Unpacking the Definition of Debt

Debt is a word that we hear often and is used by financial practitioners on many occasions. Simply put, it refers to a financial obligation for one party, the debtor, to repay the money owed to the creditor per an agreed-upon arrangement. The benefit for the creditor is that they charge interest on the funds, meaning that the debtor ends up paying much more than they initially received. Debt is essentially the deferment of an immediate payment and allows one to enjoy the benefits and merely repay the funds in instalments. Debt is not a foreign concept, in fact, people at all levels make use of debt financing to achieve certain goals and meet deliverables. Individuals, businesses and even governments have all enlisted debt financing, of course the amount is relatively less for individuals than it is for governments.

The most common examples of debt for individuals include credit card debt, car loans and mortgage bonds. Credit card debt is one that many people fall into blindly by spending money that they do not have. They end up accumulating useless debt from purchasing clothes, food or prioritising living expenses that could have been avoided. A car loan and mortgage bond, on the other hand, are the two types of debt that the majority of working people willingly take on because they believe they are worthwhile and provide convenience. For businesses, debt is often part of their overall finance strategy. Most start-up and expansion efforts make use of debt financing in the hopes of making enough profits from subsequent operations to repay it timeously. Similarly, governments take on debt for a similar reason, usually to finance major projects and for ongoing expenses of citizens and running a country. It is also a way to establish relations with other countries which may be mutually beneficial. These relations with other countries also provide an opportunity to get a better understanding of how various countries and economies are performing, which impacts forex and your investments in those countries, if any.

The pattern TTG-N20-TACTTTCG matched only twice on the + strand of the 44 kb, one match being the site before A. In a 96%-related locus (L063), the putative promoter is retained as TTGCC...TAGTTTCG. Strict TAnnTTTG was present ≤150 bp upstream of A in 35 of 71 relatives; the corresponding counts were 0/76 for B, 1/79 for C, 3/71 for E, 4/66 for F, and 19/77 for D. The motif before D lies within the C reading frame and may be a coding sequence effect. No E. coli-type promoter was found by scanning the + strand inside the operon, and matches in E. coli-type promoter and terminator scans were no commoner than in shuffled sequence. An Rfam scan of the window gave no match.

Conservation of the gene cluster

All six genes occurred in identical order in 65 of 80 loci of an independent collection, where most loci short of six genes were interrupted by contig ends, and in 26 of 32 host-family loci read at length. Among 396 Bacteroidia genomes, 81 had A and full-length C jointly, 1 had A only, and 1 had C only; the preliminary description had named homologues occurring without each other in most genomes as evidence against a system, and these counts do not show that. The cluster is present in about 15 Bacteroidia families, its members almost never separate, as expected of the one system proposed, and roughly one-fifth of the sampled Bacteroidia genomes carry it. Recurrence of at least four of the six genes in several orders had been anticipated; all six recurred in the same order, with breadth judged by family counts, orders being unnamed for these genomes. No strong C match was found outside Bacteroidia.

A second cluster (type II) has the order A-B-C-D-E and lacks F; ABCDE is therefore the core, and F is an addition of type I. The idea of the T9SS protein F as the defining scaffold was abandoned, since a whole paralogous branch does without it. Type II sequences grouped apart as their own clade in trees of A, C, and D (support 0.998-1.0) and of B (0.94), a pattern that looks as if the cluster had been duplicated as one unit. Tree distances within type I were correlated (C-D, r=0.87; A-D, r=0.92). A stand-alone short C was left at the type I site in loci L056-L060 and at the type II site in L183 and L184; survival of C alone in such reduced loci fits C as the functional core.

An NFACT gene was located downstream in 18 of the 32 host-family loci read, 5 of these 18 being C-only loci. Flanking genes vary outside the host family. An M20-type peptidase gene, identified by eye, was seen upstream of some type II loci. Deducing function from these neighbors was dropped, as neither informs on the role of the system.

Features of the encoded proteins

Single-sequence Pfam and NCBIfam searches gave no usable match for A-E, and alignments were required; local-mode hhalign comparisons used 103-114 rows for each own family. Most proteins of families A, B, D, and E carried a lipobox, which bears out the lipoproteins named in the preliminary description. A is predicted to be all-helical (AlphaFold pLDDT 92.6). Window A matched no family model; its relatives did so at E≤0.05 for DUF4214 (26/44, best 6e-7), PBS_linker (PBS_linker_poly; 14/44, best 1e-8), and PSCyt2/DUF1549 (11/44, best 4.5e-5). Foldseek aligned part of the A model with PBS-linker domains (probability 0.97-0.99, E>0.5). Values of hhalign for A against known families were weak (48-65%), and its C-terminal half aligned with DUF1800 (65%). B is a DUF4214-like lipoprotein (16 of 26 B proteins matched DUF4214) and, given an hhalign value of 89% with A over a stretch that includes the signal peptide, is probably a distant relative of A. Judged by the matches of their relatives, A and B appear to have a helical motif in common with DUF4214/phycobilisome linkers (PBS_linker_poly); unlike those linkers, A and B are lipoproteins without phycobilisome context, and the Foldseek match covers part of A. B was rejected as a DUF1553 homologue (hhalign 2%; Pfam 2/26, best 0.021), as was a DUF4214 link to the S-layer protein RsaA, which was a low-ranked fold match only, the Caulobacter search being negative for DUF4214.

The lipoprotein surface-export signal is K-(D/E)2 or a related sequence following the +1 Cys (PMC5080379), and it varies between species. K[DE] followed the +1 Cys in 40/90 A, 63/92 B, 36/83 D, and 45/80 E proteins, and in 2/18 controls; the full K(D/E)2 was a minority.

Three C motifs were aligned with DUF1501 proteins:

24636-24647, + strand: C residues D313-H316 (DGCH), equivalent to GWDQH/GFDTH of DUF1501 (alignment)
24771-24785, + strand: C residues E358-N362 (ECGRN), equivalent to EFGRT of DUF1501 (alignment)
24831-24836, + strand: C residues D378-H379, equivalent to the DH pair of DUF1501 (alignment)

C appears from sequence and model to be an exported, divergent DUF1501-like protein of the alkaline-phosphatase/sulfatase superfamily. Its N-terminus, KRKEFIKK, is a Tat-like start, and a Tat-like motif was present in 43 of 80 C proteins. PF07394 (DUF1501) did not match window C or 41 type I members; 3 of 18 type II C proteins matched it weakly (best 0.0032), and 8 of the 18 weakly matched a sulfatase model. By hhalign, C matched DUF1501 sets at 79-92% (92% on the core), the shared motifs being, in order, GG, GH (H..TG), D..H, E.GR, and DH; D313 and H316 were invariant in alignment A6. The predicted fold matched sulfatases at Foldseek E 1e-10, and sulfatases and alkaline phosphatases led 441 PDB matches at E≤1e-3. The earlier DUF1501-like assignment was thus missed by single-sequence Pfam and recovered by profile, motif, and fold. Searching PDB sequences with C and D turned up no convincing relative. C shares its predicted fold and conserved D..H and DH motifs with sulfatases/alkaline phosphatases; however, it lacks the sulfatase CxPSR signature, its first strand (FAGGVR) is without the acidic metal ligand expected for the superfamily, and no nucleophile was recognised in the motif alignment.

Good debt versus bad debt

Some people are of the belief that there is no such thing as good debt, as any form of debt is money at your disposal that must be paid back with interest. However, when one considers the purpose of the debt, that notion can be debated. Good debt is money owed that will be used for things that can help build wealth or increase income over time. Bad debt, on the other hand, applies to consumer debt that will do very little to help you achieve financial freedom or improve your financial standing. Some examples of bad debt include loan shark financing, credit card debt, payday loans and personal loans with no real purpose, amongst others. Some examples of good debt include student loans, mortgage loans, business expansion debt and real estate investments. It is quite clear to see that the good debt examples are generally aimed at making money in the long-term, while the bad debt examples are generally for immediate and short-lived gratification.